London is changing. For the first time in its history it has elected a Muslim as Mayor. Sadiq Khan, after his election as mayor, described his victory as the triumph of “hope over fear and unity over division”.Khan is a human rights lawyer of Pakistani descent. His family originally migrated from India to Karachi after the Partition and his grandparents are still living in that city. He has taken up cases of human rights violations of Muslims in the city who were unjustly targeted as a result of prejudice about all Muslims being terrorists. The fact that Sadiq Khan set a record by winning 1.1 million votes, with a lead over his closest rival bigger than that achieved by his predecessors Boris Johnson and Ken Livingstone, suggests he had backing across all religious communities. Sadiq Khan had to first beat four other contenders within the party last December to win Labour Party nomination as their official candidate for the mayoral elections in London. After his nomination, not many thought he would pull it off. But during the campaign, the support for him built up across communities.
After his election, his poor family background is being presented as an asset. His father is a bus driver and his mother a seamstress. Khan grew up on a south London council estate with seven siblings. His family later moved to Tooting, a constituency he has represented throughout his political career. He studied in local state school, following which he studied law in London. However, the questions Londoners were asking during the mayoral campaign were: Can the son of a bus driver and seamstress represent the city? Can a Muslim be the face of the great, threatened city? Sadiq Khan’s Conservative Party opponent, the billionaire Zac Goldsmith would not miss an opportunity to smear Sadiq Khan’s face by reminding Londoners that he shared platforms with “extremists” in the past. Goldsmith pitched his campaign strongly on racism and divisiveness. He went to the extent of warning voters that with a Labour victory “we will have handed control of London, and with it control over national counter-terrorism policy, to a party whose candidate and current leadership have, whether intentionally or not, repeatedly legitimised those with extremist views.” There was mounting criticism even within the Conservative Party to Goldsmith’s smear, with many saying his tactic of painting religious conservatives as “extremists” would alienate the party from the city’s ethnic minority voters, which is what probably happened.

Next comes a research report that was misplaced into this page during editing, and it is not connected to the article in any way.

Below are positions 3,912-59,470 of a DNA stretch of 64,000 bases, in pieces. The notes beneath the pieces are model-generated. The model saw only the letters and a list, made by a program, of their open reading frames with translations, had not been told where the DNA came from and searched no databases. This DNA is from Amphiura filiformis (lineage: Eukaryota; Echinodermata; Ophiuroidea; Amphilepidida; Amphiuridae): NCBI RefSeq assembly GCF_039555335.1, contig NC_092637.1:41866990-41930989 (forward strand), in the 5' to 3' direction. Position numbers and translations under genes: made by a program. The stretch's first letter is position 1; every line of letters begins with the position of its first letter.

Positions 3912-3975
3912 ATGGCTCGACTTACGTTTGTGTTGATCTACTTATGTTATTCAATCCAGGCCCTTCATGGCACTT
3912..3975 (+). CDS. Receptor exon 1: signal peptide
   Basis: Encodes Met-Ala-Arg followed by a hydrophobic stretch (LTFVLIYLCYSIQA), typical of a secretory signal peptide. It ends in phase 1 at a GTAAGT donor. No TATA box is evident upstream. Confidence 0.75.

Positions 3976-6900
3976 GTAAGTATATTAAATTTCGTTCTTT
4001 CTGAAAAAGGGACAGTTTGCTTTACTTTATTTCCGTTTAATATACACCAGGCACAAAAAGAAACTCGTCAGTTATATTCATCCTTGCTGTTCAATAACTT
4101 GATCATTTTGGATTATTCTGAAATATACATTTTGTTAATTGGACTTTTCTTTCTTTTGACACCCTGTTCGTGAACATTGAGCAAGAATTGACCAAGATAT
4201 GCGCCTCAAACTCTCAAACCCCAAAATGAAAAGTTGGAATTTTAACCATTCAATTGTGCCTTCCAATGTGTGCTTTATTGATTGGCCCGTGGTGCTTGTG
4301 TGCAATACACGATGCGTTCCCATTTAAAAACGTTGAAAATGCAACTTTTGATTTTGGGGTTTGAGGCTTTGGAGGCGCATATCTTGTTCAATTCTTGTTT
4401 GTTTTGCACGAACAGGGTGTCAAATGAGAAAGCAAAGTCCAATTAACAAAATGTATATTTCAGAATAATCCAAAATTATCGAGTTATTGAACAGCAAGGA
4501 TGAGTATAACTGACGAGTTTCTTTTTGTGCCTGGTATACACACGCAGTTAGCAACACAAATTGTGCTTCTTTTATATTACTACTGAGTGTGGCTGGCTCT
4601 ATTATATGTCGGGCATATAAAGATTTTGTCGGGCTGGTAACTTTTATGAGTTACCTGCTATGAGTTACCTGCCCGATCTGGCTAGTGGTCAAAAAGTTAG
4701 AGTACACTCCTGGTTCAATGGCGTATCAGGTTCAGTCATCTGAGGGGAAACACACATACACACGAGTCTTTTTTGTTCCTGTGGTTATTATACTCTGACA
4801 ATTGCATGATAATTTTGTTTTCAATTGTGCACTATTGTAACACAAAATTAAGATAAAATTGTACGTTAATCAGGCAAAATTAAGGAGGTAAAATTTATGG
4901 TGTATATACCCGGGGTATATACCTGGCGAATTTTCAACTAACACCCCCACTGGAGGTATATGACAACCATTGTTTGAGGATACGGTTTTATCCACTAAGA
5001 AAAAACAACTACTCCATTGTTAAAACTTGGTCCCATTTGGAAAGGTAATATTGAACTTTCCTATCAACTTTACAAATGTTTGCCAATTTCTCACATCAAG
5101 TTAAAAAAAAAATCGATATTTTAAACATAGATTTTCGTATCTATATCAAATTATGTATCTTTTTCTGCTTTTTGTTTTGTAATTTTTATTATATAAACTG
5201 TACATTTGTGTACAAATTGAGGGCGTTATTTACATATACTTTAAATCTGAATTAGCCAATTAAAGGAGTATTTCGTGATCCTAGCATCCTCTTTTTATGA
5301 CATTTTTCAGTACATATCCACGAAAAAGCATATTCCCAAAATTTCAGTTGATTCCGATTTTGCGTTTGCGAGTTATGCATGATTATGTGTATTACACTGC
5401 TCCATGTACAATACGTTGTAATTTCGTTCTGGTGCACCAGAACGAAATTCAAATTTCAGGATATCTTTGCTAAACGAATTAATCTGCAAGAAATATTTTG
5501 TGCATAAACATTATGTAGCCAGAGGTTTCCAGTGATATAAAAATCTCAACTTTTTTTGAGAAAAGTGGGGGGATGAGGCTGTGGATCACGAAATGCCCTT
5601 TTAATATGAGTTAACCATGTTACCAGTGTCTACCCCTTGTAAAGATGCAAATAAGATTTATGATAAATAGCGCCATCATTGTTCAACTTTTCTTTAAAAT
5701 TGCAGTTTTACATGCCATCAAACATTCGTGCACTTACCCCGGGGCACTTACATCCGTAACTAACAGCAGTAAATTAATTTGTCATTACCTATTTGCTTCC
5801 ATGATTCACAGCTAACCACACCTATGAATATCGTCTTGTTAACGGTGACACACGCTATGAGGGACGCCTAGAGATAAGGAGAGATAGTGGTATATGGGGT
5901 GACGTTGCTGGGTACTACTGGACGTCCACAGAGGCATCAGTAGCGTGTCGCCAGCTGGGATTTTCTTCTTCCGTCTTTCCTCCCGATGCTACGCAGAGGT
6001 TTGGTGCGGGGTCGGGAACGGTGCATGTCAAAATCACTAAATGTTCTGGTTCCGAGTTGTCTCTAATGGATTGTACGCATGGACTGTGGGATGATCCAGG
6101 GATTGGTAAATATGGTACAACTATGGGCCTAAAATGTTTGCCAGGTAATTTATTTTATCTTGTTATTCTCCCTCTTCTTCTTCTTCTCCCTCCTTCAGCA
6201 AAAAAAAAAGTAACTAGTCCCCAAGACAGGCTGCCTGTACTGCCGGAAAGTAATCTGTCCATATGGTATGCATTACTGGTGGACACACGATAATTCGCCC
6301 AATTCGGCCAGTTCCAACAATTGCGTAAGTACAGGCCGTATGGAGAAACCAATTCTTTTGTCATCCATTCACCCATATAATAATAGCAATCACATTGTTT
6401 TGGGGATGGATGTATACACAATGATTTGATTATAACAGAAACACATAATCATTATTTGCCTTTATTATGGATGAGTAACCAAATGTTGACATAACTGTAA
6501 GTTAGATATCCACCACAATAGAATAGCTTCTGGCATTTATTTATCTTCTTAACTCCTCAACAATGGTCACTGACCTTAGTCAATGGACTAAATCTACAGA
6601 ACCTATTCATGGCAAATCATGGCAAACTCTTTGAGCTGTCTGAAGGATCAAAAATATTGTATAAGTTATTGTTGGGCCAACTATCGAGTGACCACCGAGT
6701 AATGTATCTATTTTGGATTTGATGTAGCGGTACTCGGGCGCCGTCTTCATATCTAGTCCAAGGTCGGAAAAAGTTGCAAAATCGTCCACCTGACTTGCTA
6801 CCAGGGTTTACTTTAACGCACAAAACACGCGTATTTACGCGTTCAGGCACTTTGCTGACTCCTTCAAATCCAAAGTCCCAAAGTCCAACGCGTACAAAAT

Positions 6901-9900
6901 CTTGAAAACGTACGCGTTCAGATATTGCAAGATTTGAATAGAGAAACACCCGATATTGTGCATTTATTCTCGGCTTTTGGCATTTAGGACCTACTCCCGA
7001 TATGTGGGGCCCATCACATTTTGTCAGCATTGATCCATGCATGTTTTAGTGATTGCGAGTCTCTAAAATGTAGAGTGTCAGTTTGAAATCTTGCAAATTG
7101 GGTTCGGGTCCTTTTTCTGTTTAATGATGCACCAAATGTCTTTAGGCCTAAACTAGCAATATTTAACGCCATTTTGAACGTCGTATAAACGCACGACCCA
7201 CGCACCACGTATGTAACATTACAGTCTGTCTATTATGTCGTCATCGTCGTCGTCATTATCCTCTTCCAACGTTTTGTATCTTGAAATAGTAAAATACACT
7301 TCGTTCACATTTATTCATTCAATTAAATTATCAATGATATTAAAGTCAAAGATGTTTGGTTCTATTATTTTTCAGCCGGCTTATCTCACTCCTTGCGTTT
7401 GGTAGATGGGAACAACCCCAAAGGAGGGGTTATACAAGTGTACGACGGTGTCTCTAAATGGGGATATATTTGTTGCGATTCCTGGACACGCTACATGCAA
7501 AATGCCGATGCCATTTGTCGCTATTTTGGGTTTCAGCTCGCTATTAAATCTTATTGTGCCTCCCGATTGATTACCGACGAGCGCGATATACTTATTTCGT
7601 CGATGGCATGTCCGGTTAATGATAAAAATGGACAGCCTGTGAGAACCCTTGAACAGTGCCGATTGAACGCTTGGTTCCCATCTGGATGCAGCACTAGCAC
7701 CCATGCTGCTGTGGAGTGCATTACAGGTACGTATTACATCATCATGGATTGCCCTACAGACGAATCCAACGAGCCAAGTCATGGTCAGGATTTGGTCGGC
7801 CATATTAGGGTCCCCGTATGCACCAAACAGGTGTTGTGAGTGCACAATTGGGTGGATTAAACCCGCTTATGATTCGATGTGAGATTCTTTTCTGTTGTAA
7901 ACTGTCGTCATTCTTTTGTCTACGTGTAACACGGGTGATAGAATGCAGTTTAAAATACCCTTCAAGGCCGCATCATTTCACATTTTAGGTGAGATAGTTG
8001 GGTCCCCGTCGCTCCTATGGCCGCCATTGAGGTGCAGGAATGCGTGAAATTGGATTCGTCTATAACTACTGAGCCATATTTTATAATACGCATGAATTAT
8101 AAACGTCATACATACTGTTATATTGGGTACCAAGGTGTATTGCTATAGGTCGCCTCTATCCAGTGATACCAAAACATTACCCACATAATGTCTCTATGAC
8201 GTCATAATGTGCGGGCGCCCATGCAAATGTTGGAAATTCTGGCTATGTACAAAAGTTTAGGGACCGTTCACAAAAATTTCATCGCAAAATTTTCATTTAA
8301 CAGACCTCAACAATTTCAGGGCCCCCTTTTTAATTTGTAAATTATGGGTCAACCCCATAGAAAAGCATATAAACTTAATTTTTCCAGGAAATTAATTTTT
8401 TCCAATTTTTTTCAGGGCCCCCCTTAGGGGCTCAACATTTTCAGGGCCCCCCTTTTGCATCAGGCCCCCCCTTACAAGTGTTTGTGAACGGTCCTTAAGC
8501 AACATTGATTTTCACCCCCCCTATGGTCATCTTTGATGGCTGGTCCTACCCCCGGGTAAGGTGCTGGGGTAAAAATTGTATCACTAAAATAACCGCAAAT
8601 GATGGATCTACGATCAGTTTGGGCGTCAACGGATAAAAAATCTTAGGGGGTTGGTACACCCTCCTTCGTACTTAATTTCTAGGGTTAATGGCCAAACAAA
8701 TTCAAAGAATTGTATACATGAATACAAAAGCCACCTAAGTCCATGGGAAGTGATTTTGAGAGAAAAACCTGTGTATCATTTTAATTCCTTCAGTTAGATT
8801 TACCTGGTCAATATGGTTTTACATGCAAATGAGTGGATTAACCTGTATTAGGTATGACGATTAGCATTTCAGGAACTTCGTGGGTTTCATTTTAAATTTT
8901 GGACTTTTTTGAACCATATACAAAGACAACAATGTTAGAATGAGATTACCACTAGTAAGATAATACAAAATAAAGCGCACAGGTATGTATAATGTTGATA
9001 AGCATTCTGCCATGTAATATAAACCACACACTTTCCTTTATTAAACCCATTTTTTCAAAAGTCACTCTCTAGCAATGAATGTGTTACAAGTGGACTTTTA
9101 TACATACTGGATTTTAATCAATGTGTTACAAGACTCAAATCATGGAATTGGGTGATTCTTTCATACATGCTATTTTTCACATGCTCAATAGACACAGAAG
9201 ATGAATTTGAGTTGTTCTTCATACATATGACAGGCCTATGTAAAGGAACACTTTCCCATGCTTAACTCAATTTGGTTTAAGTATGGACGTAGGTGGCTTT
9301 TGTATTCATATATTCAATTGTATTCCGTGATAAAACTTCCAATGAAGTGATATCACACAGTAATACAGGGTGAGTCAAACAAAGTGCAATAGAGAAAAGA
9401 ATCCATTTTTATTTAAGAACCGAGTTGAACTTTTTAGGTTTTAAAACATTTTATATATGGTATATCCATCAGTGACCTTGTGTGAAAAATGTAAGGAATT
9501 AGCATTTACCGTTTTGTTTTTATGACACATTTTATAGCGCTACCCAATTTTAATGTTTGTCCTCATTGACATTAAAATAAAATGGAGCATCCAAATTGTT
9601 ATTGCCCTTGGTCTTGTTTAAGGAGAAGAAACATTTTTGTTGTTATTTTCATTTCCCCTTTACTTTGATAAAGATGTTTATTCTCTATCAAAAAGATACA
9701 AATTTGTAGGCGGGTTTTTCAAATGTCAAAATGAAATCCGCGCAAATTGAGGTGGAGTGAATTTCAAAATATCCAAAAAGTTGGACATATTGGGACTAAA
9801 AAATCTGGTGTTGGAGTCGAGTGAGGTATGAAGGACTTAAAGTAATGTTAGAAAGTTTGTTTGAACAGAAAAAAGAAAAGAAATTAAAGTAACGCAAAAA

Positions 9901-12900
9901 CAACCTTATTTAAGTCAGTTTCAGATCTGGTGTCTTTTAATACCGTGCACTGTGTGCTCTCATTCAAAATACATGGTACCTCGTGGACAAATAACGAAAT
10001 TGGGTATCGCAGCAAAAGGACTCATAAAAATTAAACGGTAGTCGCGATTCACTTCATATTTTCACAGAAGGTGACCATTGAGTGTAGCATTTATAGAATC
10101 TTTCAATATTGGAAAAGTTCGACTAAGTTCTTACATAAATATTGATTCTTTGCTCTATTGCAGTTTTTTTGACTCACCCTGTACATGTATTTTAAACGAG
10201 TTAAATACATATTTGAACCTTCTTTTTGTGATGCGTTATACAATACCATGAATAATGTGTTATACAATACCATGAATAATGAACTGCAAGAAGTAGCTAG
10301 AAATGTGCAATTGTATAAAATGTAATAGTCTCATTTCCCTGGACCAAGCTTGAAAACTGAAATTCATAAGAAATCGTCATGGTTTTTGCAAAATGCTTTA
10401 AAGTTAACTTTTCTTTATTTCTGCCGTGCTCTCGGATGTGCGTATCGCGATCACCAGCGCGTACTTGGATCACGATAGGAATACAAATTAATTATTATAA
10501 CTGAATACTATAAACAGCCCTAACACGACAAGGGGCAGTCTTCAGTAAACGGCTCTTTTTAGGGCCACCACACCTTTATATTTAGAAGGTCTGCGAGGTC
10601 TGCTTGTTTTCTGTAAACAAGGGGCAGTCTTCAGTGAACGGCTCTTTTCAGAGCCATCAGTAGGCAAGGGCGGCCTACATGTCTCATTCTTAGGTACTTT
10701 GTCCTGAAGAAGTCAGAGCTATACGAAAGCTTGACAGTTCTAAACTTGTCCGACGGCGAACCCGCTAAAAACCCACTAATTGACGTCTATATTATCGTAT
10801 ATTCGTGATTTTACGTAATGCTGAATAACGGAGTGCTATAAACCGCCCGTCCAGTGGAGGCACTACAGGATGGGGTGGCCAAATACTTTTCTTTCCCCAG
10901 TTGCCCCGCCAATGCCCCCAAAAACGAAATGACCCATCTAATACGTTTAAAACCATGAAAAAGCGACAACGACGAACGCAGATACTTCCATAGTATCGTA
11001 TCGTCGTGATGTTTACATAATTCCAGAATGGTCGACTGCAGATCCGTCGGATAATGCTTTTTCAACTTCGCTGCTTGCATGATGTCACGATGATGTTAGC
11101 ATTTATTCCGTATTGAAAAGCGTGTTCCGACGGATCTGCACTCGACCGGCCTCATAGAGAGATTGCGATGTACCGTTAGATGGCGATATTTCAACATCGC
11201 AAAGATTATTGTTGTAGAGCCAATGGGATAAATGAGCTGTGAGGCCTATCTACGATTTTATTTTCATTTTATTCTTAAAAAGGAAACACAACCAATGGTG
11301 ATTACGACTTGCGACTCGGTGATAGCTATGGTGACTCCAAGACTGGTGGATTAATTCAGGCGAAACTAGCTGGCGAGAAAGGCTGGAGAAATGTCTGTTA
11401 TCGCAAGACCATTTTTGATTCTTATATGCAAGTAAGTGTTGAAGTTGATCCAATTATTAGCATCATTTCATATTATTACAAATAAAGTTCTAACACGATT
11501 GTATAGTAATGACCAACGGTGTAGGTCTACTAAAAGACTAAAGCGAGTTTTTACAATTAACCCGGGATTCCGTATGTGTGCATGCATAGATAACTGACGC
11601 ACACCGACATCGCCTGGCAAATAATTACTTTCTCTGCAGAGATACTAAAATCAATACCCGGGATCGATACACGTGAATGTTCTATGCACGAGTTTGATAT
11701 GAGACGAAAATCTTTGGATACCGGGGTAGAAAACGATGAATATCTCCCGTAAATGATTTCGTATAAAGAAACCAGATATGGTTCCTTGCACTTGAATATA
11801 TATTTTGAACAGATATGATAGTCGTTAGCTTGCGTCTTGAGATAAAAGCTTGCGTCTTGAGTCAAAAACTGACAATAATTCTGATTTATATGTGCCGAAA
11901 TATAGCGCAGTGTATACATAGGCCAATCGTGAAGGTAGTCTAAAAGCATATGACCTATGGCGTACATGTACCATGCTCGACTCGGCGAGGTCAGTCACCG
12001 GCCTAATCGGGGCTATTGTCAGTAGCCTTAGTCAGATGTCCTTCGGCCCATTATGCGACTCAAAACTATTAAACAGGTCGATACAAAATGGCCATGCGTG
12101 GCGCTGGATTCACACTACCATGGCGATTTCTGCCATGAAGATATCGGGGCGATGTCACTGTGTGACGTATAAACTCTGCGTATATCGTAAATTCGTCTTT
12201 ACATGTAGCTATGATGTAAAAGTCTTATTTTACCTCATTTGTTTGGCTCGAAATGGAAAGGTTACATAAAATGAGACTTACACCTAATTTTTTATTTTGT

Among many things, Sadiq Khan’s victory is an assertion by the ethnic minorities of the city which has been witnessing Islamophobic incidents very frequently. Recently the veil of a Muslim female student was ripped off in a racist attack outside a London university. The woman had joined members of an Islamic Society group running a stall outside the Strand campus of King’s College London as part of Discover Islam awareness week. The group was handing out literature when two white men started arguing with them and allegedly ripped off the veil from the face of one of the women. Not long ago, a Muslim woman was punched and kicked on a London bus by two women in a suspected racist attack. The women attackers were black females aged in their 20s who hit the Muslim woman in her 40s shouting racist and Islamophobic abuse at her.
There has been a 60% rise in the number of Islamophobic crimes in London over the past two years. Police recorded 667 reported Islamophobic crimes from January 2014 to January 2015, compared to 1,068 reported from January 2015 to January 2016. Things are really getting ugly for Muslims in particular, essentially because racists are refusing to dissociate religious conservatism among Muslims from the barbaric terrorism being carried on by many groups across the world in the name of Islam. The religious landscape and ethnic composition of London has gradually changed with immigrants from Asia, the Middle East, Africa and other parts of the world. It is probably the most religiously diverse city in the world, despite its overwhelming white Protestant majority. Such a city cannot make any progress without fundamental commitment to religious freedom. Terrorism of all sorts and practiced by all groups must be combated, but no religious community should be lumped up with terrorists just because the extremists carry out their savage, senseless acts in the name of a religion. Londoners would expect Sadiq Khan to remove any doubts in the minds of the average non-Muslim about he protecting or defending any terrorist. At the same time he would expect non-Muslim Londoners to shed their blind prejudice against practicing Muslims.